Church leaders in India have joined the chorus of protest against the BJP-led government, known for espousing a Hindu nationalist agenda, hurrying through an "anti-conversion law" in the eastern state of Jharkhand.
The Freedom of Religion Bill, which was introduced and passed on the same day (Aug. 12) in the Jharkhand Assembly, seems harmless in name but in reality prevents people from having the freedom to choose to change their religion.
Under the new law, offenders—those deemed to have "forced" another person to change their religion—could face three years' imprisonment and fines of 50,000 rupees (U.S. $800) or four years' imprisonment and a 100,000-rupee fine if the person converted is a minor, a woman or a member of the less educated classes, such as Dalits.
"This is their style. They don't want any debate. They just do what they want," Cardinal Telesphore Toppo, the Archbishop of Ranchi (Jharkhand's capital), told World Watch Monitor.
"I don't think it is the desire of one man [the Chief Minister]. There is an ideology behind it. Wherever they [the BJP] are in power, they are doing it.
"They are accusing us of illegal conversions of tribals and Dalits. But can they point out one such conversion?"
Cardinal Toppo, himself a tribal, heads the Catholic Church in Jharkhand, where Christians account for less than five percent of the state's 32 million people.
Jharkhand is the fifth BJP-ruled state since 2002 to pass an "anti-conversion law" —after Chhattisgarh, Gujarat, Madhya Pradesh and Rajasthan. However, in western Rajasthan state, the bill passed by the State Assembly in 2011 has not yet become an act, as it has not received federal presidential approval. (In India, bills passed by State Assemblies become "acts" only after receiving the president's assent.)
During the hurried discussion on the bill in the Jharkhand Assembly on Aug. 12, Stephen Marandi, senior legislator of the opposition Jharkhand Mukti Morcha (JMM), challenged the need for such a legislation, summing up the concern of the Christians, Muslims and secular parties over legislation that could be misused against minorities, as has been the case in other states.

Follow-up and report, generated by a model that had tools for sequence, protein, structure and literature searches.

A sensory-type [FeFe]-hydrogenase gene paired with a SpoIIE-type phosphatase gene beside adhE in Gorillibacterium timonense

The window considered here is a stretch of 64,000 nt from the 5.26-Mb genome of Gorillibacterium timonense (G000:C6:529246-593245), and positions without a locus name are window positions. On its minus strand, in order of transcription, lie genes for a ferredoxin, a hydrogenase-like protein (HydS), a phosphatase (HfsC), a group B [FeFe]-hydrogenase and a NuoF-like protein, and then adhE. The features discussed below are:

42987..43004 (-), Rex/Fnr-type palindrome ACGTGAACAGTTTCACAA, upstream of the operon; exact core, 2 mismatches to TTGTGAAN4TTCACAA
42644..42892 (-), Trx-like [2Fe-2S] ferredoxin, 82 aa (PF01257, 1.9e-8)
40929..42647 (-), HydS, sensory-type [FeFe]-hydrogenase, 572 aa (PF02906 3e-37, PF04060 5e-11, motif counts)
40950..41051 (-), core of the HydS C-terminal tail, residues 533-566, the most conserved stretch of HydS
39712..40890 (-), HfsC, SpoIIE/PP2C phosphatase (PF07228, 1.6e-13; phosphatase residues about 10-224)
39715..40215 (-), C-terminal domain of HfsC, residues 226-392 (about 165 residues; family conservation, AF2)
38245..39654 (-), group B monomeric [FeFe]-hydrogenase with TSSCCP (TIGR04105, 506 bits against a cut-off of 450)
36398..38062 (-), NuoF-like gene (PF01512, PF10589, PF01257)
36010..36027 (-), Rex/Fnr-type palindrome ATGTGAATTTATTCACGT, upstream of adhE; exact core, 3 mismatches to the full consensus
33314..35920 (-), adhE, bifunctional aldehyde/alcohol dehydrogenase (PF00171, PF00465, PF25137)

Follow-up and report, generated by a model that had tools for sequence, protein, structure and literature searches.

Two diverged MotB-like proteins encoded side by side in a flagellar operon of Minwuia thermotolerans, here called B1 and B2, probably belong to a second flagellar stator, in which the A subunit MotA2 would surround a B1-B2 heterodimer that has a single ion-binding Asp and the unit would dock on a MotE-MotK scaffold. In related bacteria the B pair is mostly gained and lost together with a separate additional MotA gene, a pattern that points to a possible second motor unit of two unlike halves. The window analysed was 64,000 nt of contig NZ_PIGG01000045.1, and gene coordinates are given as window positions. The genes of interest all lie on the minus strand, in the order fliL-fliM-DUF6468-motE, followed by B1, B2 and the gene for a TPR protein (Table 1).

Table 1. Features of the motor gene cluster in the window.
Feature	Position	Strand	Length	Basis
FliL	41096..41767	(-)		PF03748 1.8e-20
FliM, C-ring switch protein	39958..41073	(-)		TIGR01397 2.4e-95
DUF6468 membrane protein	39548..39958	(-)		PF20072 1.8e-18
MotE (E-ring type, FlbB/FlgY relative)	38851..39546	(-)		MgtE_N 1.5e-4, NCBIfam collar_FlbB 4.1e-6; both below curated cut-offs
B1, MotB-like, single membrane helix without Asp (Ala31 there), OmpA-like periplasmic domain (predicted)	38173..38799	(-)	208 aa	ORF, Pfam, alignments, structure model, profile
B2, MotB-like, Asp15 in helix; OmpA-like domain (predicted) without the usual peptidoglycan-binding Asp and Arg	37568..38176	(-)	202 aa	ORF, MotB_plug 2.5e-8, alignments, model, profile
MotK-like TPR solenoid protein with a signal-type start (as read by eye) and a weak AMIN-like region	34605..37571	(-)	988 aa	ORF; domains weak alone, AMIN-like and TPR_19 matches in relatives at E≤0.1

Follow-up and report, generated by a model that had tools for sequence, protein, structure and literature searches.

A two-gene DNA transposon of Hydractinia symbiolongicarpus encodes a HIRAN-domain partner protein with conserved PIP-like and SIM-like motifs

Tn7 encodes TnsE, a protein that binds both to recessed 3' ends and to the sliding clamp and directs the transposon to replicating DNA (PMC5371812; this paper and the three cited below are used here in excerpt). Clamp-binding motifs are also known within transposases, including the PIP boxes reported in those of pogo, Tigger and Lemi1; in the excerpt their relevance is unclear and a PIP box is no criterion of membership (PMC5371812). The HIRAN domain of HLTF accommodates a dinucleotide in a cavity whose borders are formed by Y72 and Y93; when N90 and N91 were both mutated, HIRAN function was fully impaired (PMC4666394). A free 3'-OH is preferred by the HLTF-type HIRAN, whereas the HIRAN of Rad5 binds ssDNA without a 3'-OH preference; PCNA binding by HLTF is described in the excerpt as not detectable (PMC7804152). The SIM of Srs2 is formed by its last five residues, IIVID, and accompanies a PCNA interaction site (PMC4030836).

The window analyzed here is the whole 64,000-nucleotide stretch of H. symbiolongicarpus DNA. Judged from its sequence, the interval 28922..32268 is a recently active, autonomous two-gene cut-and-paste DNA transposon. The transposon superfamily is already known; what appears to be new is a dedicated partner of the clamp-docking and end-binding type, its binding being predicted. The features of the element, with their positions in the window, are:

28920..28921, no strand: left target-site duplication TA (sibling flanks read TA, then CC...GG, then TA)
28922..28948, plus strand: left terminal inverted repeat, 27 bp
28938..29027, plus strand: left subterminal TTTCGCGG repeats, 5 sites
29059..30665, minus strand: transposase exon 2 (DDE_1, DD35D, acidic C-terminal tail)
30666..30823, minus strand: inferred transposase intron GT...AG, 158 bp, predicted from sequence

"The Constitution gives freedom to practice and profess one's religion. There are already penal provisions ... for those indulging in coercive conversion or using allurement. So what is the need for a separate bill?" Marandi asked, demanding that the bill to be referred to a select committee.
However, the ruling BJP-led government instead put the bill to vote, which was quickly passed as the BJP enjoys a clear majority in Jharkhand's state legislature.
Shibu Thomas, founder and director of the charity Persecution Relief, told World Watch Monitor that the "hurry" with which the Hindu nationalists passed the legislation proves that "they do not care for minorities."
"The agenda behind the legislation is to polarize people on religious lines and consolidate the [majority] Hindu voters. They want to fool the Hindus to believe that their religion is under threat due to conversions," said Thomas, whose organization has set up an online petition to campaign against "anti-conversion laws" in India.
Thomas added that one former member of the Indian Parliament, Bahadur Oraon, who is also a tribal, said he is willing to convert to Christianity if only to protest against the legislation.
Thomas also criticized what he called the BJP's "shocking misuse" of the name of the Father of the Nation, Mahatma Gandhi. Two days before the bill was introduced in the Assembly, the Jharkhand government took out a controversial front-page advertisement in some of the major newspapers, in the name of the BJP chief minister Raghubar Das, with a purported quote from Gandhi insinuating that missionaries were engaging in fraudulent conversions by doling out rice ("goodies") to the "gullible" poor.
"Many are even questioning the source of this quote, attributed to Mahatma Gandhi," said Thomas.
The Scroll website—one of the leading Indian news portals—in its post on Aug. 16 described Jharkhand's anti-conversion bill as a "body blow to freedom of religion in India".
"The Bharatiya Janata Party's attempts at policing religious belief will push the country into a dark age," cautioned the article.
Thomas also accused India's Prime Minister, Narendra Modi, of engaging in "mere rhetoric" when he called on Indians on Independence Day (Aug. 15) to "shun violence in the name of faith," saying it was "harmful for the social fabric."
Declaring that India is "the land of Gandhi and Buddha, we have to move forward, taking everyone along," Modi said. "We have to successfully carry it forward and that is why in the name of faith, violence cannot be allowed. The poison of communalism can never benefit the country."
But Thomas said: "While Modi's intentions may be sincere, he is just a pawn and a small entity in the larger scope of things ... He has used the same hyperbole in earlier addresses. However, India and the world over are beginning to see that his talk does not match his walk.
"Every time an incident takes place, instead of his stoic silence, he needs to react and respond and vehemently condemn all atrocities and attacks against minorities in the name of religion. Then people will take him seriously."
Simultaneously, the National Council of Churches in India in an "open letter" to the prime minister on Independence Day expressed its anguish that "we keep on hearing statements which stereotype Christians as being aliens or as being people whose patriotism is questioned".
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